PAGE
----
For the next few days, we worked on various mobile homes, tarping roofs and removing flooring, drywall, and insulation and taking it to the side of the road. Furniture and personal items were already out on the street except for small appliance items and kitchen dishes left by the homeowner for any of her neighbors to take. The homeowner made it very clear to us that she was done living in Florida and was moving up north with her children. We continued working at her home for a few days and met some neighbors who came over to share their appreciation of all we were doing.
Most homeowners we worked with were retirees living off their nest eggs with fixed incomes and, in most cases, uninsured. Flood insurance is even more expensive if you could get it.
Our duty was to make their home safe to live in and put some order back into their lives without them having to pay for it. Some had families helping them make decisions, coordinate living quarters, and contact FEMA, but so many others did not. Unless you have gone through a hurricane before, it can be extremely confusing and frustrating. They needed an on-site advocate to help them sift through the process of gaining access to work crews, temporary shelter, and funds available through FEMA. Most of all, they needed help in communicating their actual needs. Our group leader, NIC Disaster Response Coordinator Colin Monk, did an exceptional job listening to individuals and giving them information about the process of our mission of assessing the damage.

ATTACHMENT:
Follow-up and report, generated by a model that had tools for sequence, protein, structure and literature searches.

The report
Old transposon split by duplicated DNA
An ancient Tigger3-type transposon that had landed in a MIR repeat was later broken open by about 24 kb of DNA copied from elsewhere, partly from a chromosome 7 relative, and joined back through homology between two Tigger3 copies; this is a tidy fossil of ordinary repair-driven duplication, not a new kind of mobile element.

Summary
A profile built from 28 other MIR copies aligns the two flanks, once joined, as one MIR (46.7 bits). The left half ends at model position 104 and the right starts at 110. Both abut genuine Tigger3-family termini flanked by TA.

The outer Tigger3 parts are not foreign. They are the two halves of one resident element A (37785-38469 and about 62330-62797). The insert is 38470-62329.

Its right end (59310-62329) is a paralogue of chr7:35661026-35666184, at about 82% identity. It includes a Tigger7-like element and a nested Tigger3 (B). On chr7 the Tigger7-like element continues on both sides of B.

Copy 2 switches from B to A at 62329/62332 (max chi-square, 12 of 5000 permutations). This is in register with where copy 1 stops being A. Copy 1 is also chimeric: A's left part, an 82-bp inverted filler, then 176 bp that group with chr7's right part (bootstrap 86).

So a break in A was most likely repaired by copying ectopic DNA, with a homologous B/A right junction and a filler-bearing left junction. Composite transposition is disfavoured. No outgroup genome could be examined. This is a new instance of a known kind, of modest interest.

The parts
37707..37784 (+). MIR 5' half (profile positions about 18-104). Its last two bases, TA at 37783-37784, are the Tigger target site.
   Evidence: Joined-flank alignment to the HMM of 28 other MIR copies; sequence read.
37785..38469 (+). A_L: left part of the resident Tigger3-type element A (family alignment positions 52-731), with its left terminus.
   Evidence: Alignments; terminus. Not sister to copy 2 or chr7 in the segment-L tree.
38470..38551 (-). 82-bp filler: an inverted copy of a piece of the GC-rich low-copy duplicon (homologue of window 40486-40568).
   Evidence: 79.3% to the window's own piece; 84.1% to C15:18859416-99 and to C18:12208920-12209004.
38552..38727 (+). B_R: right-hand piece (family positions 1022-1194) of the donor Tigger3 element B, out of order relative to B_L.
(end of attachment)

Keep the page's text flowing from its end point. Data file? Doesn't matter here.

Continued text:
Our ERT deployment in Port Charlotte was not only about the work that needed to be done but the connections we made with our team members and the homeowners. It’s hard to look for God when you are surrounded by such devastation. Perhaps God brought us not just to help with tasks but to instill some hope in people’s lives.
My first deployment with an Early Response Team was a great experience. It brought fellowship and the message of Jesus Christ to those who needed it most at such a difficult time.
I am grateful for our leader and all the individuals I worked with during the week. We not only brought some hope to those in need but also strengthened our own hope. We made a difference, and because of that, I will be back for more.
If you or other members of your congregation are interested in joining an Early Response Team going to Florida or other places affected by recent natural disasters, contact Dan O’Malley, Michigan Disaster Response Coordinator, at [email protected] or 616-915-6301.
~ This article was reprinted and edited with permission of the Northern Illinois Conference of The United Methodist Church.